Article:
Throughout her presidential campaign, former Secretary of State /www.huffingtonpost.com/topic/hillary-clinton"}}" data-beacon-parsed="true">Hillary Clinton received daily support from her pastor and longtime friend, Rev. Bill Shillady.
Clinton, a lifelong Methodist, met the United Methodist pastor in New York in 2002. They formed a spiritual bond that would later help the politician get through one of the most grueling and divisive presidential campaigns the country has seen in years.
Shillady’s pastoring to Clinton largely took the form of daily devotionals he sent to her by email. These prayerful meditations are collected in Shillady’s new book, Strong for a Moment Like This, set to publish on August 15.
“She told me that my email was the first she opened every day and and it helped keep her grounded and centered,” Shillady said of Clinton in an interview with CNN published Thursday.
Shillady’s emails didn’t stop on election day. The pastor continued his daily devotionals into December to help Clinton through the defeat. Leaving the Javits Center ― where Clinton supporters were gathered on election day for what they hoped would be a victory rally ― Shillady knew he had a difficult task ahead of him.
“I went home to bed, and then I got up to write the hardest devotional I had to write,” he said.
On the morning of Nov. 9, Shillady sent Clinton an email with the message that “God doesn’t close one door without opening another, but it can be hell in the hallway.” His devotional that day compared her loss to Good Friday, the day Christians commemorate the crucifixion of Jesus.
“For the disciples and Christ’s followers in the first century, Good Friday represented the day that everything fell apart,” he wrote.
He continued with a word of hope: “While death had seemingly won, Jesus knew better. When he said, ‘It is finished,’ it wasn’t meant to be a statement of concession. It was a declaration that a new day was on the way.”
First published on CNN, this is the email Shillady sent Clinton on the morning of Nov. 9, with the subject line “Sunday is Coming”:
It is Friday, but Sunday is coming. This is not the devotional I had hoped to write. This is not the devotional you wish to receive this day. While Good Friday may be the starkest representation of a Friday that we have, life is filled with a lot of Fridays.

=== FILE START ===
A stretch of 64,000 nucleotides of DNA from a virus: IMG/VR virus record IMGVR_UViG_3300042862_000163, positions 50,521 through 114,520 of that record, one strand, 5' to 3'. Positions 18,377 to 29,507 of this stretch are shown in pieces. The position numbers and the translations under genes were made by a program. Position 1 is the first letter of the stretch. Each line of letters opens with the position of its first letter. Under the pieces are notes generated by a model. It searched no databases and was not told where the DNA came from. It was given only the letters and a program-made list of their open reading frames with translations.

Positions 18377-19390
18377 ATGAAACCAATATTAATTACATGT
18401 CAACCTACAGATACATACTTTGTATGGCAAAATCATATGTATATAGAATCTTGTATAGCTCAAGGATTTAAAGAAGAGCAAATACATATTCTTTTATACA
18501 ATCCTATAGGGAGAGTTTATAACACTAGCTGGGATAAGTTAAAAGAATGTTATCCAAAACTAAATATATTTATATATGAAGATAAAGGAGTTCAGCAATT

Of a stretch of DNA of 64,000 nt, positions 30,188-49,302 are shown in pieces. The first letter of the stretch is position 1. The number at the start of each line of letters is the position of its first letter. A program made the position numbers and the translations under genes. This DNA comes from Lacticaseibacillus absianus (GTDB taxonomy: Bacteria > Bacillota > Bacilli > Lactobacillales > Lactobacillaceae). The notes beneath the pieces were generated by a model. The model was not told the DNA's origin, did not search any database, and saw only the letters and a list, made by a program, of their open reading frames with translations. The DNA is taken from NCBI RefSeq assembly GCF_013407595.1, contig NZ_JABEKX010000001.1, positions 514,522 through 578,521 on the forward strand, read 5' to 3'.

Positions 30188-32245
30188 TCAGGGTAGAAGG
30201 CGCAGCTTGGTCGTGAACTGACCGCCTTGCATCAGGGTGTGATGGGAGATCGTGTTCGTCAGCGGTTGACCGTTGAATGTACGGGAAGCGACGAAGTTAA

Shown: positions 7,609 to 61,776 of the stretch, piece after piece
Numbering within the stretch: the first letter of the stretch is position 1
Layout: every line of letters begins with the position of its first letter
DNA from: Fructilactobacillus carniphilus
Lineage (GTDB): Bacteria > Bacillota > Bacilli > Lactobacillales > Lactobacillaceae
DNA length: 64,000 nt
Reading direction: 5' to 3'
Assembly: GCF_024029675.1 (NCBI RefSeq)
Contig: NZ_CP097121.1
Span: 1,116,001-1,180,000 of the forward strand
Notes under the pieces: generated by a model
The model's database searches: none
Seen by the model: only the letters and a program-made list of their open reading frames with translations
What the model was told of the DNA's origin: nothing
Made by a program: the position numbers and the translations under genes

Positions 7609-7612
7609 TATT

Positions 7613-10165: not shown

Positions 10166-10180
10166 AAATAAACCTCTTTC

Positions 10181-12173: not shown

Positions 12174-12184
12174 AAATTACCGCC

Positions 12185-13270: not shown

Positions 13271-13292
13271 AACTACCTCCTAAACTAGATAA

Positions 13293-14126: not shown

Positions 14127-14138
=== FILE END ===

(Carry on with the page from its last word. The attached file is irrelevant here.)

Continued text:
For the disciples and Christ’s followers in the first century, Good Friday represented the day that everything fell apart. All was lost. The momentum and hope of a man claiming to be the Son of God, the Messiah who was supposed to change everything, had been executed.
Even though Jesus told his followers three days later the temple would be restored, they had no idea of what that Sunday would be. They betrayed, denied, mourned, fled and hid. They did just about everything BUT feel good about Friday and their circumstances.
For us, Friday is the phone call from the doctor that the cancer is back. It’s the news that you have lost your job. It’s the betrayal of a friend, the loss of someone dear. Friday is the day that it all falls apart and all hope is lost. We all have Fridays. But, as the saying goes, “Sunday’s coming!”
Today, you are experiencing a Friday. Your Friday is what happened in the last few weeks and last night in the tragic loss. But Sunday is coming!
Jesus completed the excruciating task of giving up his life as a sacrifice for the sins of the world. It was his faith and belief in his heavenly Father, that gave him the grace and peace to submit to Friday. While death had seemingly won, Jesus knew better. When he said, “It is finished,” it wasn’t meant to be a statement of concession. It was a declaration that a new day was on the way.
Friday is finished. Sunday is coming. Death will be shattered. Hope will be restored. But first, we must live through the darkness and seeming hopelessness of Friday.
You know one of my favorite sayings is “God doesn’t close one door without opening another, but it can be hell in the hallway.” My sister Hillary. You, our nation, our world is experiencing a black Friday. Our hope is that Sunday is coming. But it might well be hell for a while.